Women are not adequately warned of the many medical risks of abortion, such as psychological damage, writes Charles Francis QC.
In July this year, Victorian state MP Candy Broad foreshadowed her bill to decriminalise all abortion. The then Labor Premier Mr Steve Bracks said he believed Victoria’s abortion system was effective; but added that, if it could be improved by complete decriminalisation and dealt with under the Health Act instead, he would support decriminalisation.
Similar views were subsequently expressed by his colleague Mr John Brumby. Liberal Opposition leader Ted Baillieu indicated some support, but said he wanted to see details. Late in September, Premier Brumby referred the issue to the Victorian Law Reform Commission (VLRC).
The pro-abortion lobby have been pushing hard to decriminalise all abortion. They would have been greatly cheered by the VLRC’s restricted terms of reference. The commission was only asked to provide options to clarify the existing operation of the law and to remove from the Crimes Act offences relating to terminations when performed by a qualified medical practitioner.
Many drew the inference that Mr Brumby wants the VLRC to recommend all abortions performed by medical practitioners be decriminalised.
Before the VLRC proposes any recommendation, however, it is very important that the commission be fully informed on what is happening in the Victorian abortion industry today, and in particular, the consequences to women. Similar information is needed by our MPs before they vote on any proposed legislation.
It requires no genius or even a law degree to realise that before you legalise anything, you need to know just what it is you are legalising and be able to make some assessment of possible consequences.
Contrary to Bracks’s opinion, Victoria’s abortion system is a disaster. Neither the medical profession nor the government exercises any proper control over it. Most abortionists are motivated solely by greed and have little concern for the welfare of the women upon whom they operate. Women are not adequately warned of the many medical risks of abortion, such as psychological damage, nor are they given any proper counselling or appropriately advised of other options.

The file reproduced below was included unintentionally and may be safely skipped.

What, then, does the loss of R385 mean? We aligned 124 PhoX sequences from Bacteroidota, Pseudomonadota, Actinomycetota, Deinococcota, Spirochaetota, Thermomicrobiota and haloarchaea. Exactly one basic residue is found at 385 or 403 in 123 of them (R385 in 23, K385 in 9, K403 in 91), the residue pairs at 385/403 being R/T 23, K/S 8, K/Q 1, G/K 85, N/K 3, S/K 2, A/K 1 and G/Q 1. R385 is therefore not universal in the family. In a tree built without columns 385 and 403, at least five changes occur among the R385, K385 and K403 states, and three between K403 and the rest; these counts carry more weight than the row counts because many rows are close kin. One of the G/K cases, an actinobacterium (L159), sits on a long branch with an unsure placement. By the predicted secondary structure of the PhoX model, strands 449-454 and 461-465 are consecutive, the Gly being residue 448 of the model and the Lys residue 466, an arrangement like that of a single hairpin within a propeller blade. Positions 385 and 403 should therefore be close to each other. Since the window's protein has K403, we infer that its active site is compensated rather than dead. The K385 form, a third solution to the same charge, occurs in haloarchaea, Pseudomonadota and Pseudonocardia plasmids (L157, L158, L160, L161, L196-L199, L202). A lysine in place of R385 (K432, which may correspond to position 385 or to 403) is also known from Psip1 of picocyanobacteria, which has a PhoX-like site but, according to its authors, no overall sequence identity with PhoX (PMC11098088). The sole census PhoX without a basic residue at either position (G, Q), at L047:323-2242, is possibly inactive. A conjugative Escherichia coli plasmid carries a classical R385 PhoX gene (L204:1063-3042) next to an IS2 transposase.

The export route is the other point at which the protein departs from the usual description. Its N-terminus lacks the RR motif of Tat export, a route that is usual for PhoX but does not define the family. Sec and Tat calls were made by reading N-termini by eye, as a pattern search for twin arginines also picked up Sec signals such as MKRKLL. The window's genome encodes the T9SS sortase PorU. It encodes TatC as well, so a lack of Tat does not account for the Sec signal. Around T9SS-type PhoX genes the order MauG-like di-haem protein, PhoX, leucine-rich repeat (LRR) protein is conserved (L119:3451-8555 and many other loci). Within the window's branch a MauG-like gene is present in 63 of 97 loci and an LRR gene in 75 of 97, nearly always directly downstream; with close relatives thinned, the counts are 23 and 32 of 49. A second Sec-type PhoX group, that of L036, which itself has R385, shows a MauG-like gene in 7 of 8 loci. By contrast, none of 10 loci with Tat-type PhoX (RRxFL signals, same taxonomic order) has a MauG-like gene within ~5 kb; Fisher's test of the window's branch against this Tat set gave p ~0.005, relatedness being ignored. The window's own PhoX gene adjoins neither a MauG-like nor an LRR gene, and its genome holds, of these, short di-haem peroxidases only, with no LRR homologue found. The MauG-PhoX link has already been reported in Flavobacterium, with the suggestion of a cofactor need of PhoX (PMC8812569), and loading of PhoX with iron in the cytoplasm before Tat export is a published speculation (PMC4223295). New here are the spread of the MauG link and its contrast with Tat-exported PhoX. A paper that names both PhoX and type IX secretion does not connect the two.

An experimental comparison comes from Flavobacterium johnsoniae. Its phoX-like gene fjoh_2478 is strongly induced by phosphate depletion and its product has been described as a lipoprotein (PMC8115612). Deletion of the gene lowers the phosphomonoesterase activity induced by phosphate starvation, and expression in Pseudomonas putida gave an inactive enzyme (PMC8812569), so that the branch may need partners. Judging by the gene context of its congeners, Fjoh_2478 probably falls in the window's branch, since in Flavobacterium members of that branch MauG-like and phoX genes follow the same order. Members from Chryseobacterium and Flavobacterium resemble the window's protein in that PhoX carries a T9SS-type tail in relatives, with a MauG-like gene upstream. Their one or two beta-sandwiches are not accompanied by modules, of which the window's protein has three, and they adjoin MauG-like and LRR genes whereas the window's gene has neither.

Recently, my wife Babette and I appeared before the VLRC chairman, Professor Neil Rees. He listened courteously as we raised some of these issues, but appears to see himself constrained by the terms of reference.
Deeply concerned by the present terms, we consider the following 10 terms should be added to the existing two terms:
1) Introduce anti-coercion legislation to ensure that when a woman seeks an abortion the decision is her own choice and is not being sought by reason of pressure applied to her by other persons, such as her husband, partner or family.
2) Introduce legislation which will ensure that before any abortion takes place the woman concerned:
i) receives proper independent counselling informing her of the risks involved and of other available options, and
ii) has an adequate cooling-off period before any final decision is made.
3) Introduce legislation which will ensure that the medical risks (both physical and psychological) of the abortion are adequately explained both orally and/or in writing by the abortion-provider prior to any abortion being performed.
4) Introduce legislation requiring or enabling a woman to see an ultra-sound of her unborn child prior to any abortion taking place.
5) Introduce legislation requiring that no abortions be performed outside public hospitals, and that no abortions be performed by anyone not a salaried medical practitioner.
6) Introduce legislation requiring that, when it is proposed to perform an abortion on a woman under the age of 16 years, the abortion-provider must first obtain parental consent.
7) Introduce legislation that where a woman under the age of 16 years is seeking an abortion, the abortion-provider is required to inform the police if a statutory rape has occurred.
8) Introduce legislation that when an unlawful termination occurs, the woman concerned be given immunity from prosecution.
9) Introduce legislation requiring that where any termination is being proposed after 20 weeks’ gestation, adequate legal safeguards are provided so that the unborn child is given the maximum opportunity of survival.
10) Amend the Victorian Wrongs Act to enable women in Victoria to sue for damages
a) where by reason of negligence the person or persons providing the abortion have caused injury or damage to the woman concerned, and/or
b) where there has been no prior warning given by the person or persons providing the abortion of the material risks of performing the abortion.
Urged to write
Victorian News Weekly readers are urged to write to Premier John Brumby, Deputy Premier and Attorney-General Mr Rob Hulls, and Opposition leader Mr Ted Baillieu, and their local MLAs and MLCs, suggesting that the VLRC’s terms of reference should be widened.
Submissions to the VLRC (GPO Box 4637, Melbourne, Vic 3001) close on November 9, 2007.
– Charles Francis, AM QC, is a retired Melbourne barrister and former Victorian state MP.